Poet plant gives $50,000 for blender pumps

By Kris Bevill | October 14, 2010
Posted Nov. 9, 2010

The number of blender pumps in Michigan has tripled, from one to three, thanks to the efforts of the Poet LLC plant in Caro, Mich. The plant recently contributed $50,000 toward blender pump installations at stations owned by Cooperative Elevator Co. in Sebewaing and Ignash Petroleum Inc. in Elkton, in response to a company-wide directive encouraging efforts to expand blender pump availability near Poet ethanol plants.

"We were challenged by the CEO of Poet, Jeff Broin, about two years ago to start pursuing blender pumps," said Dave Gloer, general manager of Poet Biorefining - Caro. "It's taken a long time to make this happen. We worked on this project for more than a year. Very few ethanol plants have been successful in getting blender pumps installed in their area. The fact that we got two of them is a pretty big deal."

Cooperative Elevator Co. spent more than $300,000 to install retail fuel equipment, including a blender pump that offers E10, E30, E40, E50 and E85, at its Sebewaing location. A total of $59,500 in various incentives will help finance the fuel pump installation, according to Tim Sielaff, vice president of petroleum for the co-op. In addition to the $25,000 given by Poet, Growth Energy contributed $2,500 for the blender pump. The co-op also hopes to soon receive final confirmation of a $32,000 grant from the Clean Energy Cities Coalition. Sielaff said the co-op installed E85 pumps at two of its facilities in 2006 and has since been seeking ways to increase ethanol availability to its members. "As a cooperative being owned by farmers, we want to do everything we can to promote the products they use and grow," he said. The offer of financial assistance for blender pumps from Poet and other groups has allowed the co-op to do just that, he added.

Ignash Petroleum used the financial assistance opportunity to replace three existing gas pumps at its Elkton convenience store with blender pumps and add a fourth blender pump. Company president Jerald Ignash estimated the total cost for the project was about $260,000, of which $94,000 was provided through a combination of donations by Poet, Growth Energy and a federal grant. Ignash said he felt it was important to install blender pumps at all of the station's fuel islands, and the money received for the project helped the company achieve that goal. "I wanted to give people a choice at every dispenser, because it's a very busy convenience store and I didn't want people to pull up and discover they're at the wrong pump," he said. "So far, it's been pretty positive feedback. The people that have flex-fuel vehicles [FFVs] are very happy. There are a lot of cars we sell fuel to that don't have FFVs, but there will be more and more."

Sielaff estimated that about 30 percent of the vehicles pulling into his new station are flex-fuel capable. He has witnessed a high-level of unawareness at the consumer level regarding FFVs, however, and stressed the need for increased consumer education in addition to infrastructure assistance from ethanol producers. "The ethanol industry has done a good job of educating the retailers," he said. "The problem is that retailers already know what they need to do. Educating the consumers is going to be key to the success of these blender pumps, especially in Michigan where there's so few of them."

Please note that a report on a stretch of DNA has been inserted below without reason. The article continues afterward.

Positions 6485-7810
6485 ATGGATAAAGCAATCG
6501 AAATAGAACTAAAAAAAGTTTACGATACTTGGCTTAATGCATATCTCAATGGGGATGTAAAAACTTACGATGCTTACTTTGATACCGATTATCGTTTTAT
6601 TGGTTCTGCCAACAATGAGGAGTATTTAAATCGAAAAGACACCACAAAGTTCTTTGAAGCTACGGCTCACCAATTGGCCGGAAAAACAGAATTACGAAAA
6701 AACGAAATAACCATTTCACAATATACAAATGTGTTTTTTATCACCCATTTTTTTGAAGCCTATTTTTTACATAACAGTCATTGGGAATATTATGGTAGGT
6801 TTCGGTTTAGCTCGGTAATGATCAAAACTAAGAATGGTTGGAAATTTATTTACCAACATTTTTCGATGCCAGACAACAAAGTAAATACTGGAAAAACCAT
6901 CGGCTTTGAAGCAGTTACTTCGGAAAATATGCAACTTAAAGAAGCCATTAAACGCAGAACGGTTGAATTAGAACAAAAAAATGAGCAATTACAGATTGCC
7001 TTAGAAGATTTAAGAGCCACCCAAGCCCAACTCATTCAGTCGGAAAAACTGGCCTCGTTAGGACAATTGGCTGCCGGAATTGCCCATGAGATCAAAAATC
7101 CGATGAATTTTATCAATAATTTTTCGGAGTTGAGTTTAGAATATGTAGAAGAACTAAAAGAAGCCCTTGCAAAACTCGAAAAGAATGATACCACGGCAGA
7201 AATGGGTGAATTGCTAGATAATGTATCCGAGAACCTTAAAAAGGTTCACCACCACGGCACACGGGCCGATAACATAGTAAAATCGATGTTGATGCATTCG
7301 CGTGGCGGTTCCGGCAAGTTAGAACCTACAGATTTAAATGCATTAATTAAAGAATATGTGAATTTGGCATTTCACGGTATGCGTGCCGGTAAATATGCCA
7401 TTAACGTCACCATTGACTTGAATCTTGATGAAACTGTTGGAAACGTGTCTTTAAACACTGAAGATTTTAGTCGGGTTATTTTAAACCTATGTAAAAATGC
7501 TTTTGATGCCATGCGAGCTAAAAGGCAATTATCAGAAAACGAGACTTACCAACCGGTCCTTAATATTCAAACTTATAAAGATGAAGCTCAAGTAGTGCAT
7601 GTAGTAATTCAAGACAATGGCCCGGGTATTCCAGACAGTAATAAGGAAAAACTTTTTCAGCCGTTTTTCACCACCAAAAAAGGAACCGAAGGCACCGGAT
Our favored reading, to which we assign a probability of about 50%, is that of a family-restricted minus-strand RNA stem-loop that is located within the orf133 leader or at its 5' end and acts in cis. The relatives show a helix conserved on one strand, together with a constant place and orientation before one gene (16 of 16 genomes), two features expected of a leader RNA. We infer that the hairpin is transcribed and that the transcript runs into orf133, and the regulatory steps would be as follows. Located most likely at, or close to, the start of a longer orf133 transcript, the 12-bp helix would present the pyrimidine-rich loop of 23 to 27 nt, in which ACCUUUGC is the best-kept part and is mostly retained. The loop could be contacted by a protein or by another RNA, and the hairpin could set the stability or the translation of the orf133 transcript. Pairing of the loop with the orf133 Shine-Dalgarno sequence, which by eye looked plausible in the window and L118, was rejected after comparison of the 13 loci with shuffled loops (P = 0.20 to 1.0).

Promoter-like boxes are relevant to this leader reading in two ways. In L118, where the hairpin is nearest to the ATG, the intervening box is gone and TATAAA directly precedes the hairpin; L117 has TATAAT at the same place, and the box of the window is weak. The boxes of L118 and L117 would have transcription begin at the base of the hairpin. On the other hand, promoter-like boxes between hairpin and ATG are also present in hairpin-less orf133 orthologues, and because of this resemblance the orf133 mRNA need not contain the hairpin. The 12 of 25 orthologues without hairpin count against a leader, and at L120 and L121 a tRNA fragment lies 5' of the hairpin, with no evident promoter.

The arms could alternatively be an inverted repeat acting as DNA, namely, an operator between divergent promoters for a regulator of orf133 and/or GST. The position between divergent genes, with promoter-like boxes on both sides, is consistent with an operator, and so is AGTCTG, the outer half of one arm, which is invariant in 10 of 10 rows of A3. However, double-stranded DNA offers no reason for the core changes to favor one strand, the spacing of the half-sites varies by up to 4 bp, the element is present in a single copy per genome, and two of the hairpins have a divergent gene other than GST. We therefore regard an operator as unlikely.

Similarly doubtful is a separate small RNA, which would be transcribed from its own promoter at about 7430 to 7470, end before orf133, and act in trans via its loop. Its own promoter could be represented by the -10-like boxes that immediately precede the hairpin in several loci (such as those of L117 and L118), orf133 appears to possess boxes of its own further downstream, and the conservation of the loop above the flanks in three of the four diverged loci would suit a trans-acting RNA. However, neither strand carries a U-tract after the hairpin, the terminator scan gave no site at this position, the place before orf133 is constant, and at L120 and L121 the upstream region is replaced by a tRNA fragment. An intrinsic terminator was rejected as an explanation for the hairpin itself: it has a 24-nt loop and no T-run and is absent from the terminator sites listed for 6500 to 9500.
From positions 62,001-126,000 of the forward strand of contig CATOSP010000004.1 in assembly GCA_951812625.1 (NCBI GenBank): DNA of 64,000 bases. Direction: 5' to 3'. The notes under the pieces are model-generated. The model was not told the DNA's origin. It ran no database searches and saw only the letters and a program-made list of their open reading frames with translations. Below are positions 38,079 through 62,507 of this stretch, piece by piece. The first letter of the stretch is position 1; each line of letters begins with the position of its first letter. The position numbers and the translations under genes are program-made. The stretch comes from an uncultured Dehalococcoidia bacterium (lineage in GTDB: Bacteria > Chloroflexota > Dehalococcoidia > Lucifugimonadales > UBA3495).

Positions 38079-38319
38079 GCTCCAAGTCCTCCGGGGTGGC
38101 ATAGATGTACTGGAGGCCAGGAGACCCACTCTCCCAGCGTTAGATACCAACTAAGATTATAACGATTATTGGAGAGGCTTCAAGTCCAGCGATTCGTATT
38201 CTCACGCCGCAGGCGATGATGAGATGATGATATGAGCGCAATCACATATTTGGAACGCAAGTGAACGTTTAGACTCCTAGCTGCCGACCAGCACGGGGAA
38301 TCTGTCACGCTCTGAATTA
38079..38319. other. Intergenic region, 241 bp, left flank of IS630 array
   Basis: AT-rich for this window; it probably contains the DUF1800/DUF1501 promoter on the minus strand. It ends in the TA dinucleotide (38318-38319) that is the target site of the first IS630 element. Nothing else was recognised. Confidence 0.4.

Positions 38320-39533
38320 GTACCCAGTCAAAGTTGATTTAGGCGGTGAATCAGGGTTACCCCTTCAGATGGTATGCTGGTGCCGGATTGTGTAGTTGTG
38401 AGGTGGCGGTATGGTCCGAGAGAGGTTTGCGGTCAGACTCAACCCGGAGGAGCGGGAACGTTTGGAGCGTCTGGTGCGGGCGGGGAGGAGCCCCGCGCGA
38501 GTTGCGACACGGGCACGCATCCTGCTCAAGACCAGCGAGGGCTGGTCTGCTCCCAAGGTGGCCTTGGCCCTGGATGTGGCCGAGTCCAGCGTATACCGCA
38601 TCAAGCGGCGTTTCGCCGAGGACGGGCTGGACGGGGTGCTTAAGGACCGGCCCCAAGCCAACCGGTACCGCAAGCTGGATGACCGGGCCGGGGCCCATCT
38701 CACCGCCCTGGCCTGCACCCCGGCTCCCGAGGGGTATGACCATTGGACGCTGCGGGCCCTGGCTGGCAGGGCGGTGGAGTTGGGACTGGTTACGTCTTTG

According to Gloer, Michigan's sole pre-existing blender pump is located nearly 300 miles away from the blender pumps his plant helped to install. The Caro plant has no immediate plans to pursue other blender pump installations, but would consider it if the right project came along, he said. "I would hope that these two would drive some of the big [retailers] to install blender pumps," he said. "It would be nice to see somebody big start doing it."

In exchange for financial assistance from the plant, Ignash and Cooperative Elevator have agreed to purchase ethanol directly from Poet Biorefining - Caro. Sielaff said the co-op began purchasing E100 from the plant earlier this year to blend at its bulk facilities. He hopes to increase the co-op's E100 purchases to more than 10,000 gallons per month, representing 100,000 gallons per month of E10, but said ethanol-gas price spreads and conventional gasoline availability will dictate the exact amounts. "There's just a handful of terminals in Michigan that do not sell gasoline that already contains ethanol," he said. "So the terminals kind of dictate whether or not you can make your own ethanol-blended fuels."

Ignash will purchase E85, rather than E100, from the Caro plant. Before blender pumps were installed at Ignash's Elkton store, the location dispensed between 3,600 and 5,500 gallons of 87 octane per day. Ignash is not sure what the station's mid-level ethanol blend sales will be, but he hopes to ramp up to more than 800 gallons of E85 per day at that site. "I'm up to 200 gallons a day now and we haven't advertised at all," he added.

Gloer said there is no minimum amount of ethanol the two companies must buy from the plant, but he hopes demand for ethanol from his facility will increase significantly over the next two years. The decision to contribute financially to blender pump installations wasn't viewed as an investment as much as a contribution for ethanol infrastructure, he added. Matt Merritt, media relations specialist for Poet, said the company is continuing to look for opportunities for blender pump partnerships at its other plants.